Carolyn Votaw hasn’t graduated yet, but she’s already being recognized for her art.

Votaw, a senior double-majoring in art history and Italian, has just been granted the Sande H. Zirlin Art Award for her impressive work. The contest, run by General Federation of Women’s Clubs (GFWC), was open to upperclassmen attending a New York college, along with all graduate students within the state, studying art or a related field. Hundreds of students applied for the award and sent in portfolios and polished essays, but Votaw was victorious in the regional competition.

Her family consistently encouraged her interest in history and creativity. When she came to Binghamton University, she soon discovered a love for printmaking, a way to make art that employs various techniques such as engraving, woodcutting and etching on a sheet of paper. She eventually picked up printmaking as a minor.

Her printmaking professor, Alexandra Davis, was her biggest inspiration and helped her think about creating art in a new way. Davis has worked with Votaw throughout her time at the University, and was the one who introduced her to the award and encouraged her to apply. It was Davis’ support that made her believe that her work deserved to be recognized and spread to areas outside of Binghamton.

“I admire Alexandra Davis greatly as an artist, educator and person,” Votaw said. “She is ever-encouraging to all students.”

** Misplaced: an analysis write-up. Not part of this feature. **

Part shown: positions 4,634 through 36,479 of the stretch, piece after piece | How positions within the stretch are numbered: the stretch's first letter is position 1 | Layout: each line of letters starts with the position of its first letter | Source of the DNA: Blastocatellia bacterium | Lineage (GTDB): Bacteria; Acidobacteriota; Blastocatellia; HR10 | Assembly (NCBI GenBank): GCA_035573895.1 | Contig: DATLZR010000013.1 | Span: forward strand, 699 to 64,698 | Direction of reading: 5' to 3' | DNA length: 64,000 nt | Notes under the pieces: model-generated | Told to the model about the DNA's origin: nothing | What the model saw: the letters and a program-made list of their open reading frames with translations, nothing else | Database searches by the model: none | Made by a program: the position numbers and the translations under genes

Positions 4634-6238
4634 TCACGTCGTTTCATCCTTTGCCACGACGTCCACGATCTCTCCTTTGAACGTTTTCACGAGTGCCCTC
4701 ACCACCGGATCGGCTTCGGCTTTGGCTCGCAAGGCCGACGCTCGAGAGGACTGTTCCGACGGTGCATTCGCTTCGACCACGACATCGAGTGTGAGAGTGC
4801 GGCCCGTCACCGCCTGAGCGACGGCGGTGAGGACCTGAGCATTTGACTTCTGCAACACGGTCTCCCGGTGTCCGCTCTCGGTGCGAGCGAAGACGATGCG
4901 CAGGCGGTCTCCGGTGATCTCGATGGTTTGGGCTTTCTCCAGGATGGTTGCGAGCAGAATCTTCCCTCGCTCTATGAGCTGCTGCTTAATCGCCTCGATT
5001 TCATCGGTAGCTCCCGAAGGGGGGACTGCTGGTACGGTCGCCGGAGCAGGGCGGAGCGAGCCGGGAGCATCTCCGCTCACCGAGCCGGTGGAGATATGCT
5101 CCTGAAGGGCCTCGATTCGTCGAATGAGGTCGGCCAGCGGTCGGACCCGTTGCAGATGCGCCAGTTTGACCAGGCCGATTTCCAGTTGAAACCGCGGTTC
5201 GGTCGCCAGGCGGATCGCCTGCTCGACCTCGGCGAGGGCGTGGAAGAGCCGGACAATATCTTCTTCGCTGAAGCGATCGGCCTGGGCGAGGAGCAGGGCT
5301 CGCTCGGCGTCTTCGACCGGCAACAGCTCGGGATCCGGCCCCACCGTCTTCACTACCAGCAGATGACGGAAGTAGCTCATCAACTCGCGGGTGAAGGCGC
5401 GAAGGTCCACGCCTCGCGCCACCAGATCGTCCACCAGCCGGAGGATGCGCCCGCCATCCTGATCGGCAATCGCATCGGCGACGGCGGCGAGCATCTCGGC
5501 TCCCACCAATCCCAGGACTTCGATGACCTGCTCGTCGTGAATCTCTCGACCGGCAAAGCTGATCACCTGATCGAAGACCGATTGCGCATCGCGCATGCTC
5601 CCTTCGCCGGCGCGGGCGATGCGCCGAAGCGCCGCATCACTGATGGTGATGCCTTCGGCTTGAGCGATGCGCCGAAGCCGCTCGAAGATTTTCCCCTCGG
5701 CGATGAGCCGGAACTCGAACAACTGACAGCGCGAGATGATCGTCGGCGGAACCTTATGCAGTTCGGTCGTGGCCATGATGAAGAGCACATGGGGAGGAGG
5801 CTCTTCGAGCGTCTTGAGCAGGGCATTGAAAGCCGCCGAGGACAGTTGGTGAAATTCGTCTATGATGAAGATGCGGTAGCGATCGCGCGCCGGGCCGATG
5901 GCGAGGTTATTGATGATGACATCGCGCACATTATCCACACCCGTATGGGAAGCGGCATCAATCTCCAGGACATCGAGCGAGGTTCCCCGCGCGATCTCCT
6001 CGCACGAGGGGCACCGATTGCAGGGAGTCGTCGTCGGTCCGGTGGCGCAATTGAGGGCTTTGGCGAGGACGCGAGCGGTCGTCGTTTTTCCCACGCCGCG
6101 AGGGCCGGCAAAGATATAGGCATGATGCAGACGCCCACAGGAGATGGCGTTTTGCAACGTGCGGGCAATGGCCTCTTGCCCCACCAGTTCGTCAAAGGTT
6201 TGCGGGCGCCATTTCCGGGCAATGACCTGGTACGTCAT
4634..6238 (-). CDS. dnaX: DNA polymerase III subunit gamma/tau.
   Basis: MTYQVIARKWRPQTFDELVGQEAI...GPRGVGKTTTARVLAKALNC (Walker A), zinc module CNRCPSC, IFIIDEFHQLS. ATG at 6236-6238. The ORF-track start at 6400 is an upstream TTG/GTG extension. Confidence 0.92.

Most of Votaw’s pieces were inspired by her trips to Italy and other travels. Her goal is for the works to mirror an intimacy that she wants to have with a place and its history.

“My artwork often reflects my interest in time, space and what becomes symbolic of culture and identity,” Votaw said. “My process reflects my interest in piecing histories together.”

In her work, Votaw cycles through different techniques. Right now, she is fascinated by a process called chine-collè (a method similar to collage), but continues to learn.

For her application for the prize, Votaw continued to collaborate with, learn from and be inspired by Davis. Votaw gathered 10 recent pieces — most of which she’d made in printmaking courses here — filled out forms, wrote about her experience in art and future plans and collected recommendation letters from different professors. But the time she put into submitting her portfolio paid off when she won the award, along with $1,000 and a retreat to Saratoga Springs.

Votaw’s artwork will be on display at the BU Senior Show on May 8, where she will also be demonstrating etching at the Fine Arts Open House. Votaw graduates at the end of this month, and over the summer she will resume her studies in an Italian language-intensive immersive program at the Middlebury Language Schools in Vermont. In the fall, she plans to return to BU to complete her master’s degree in Italian.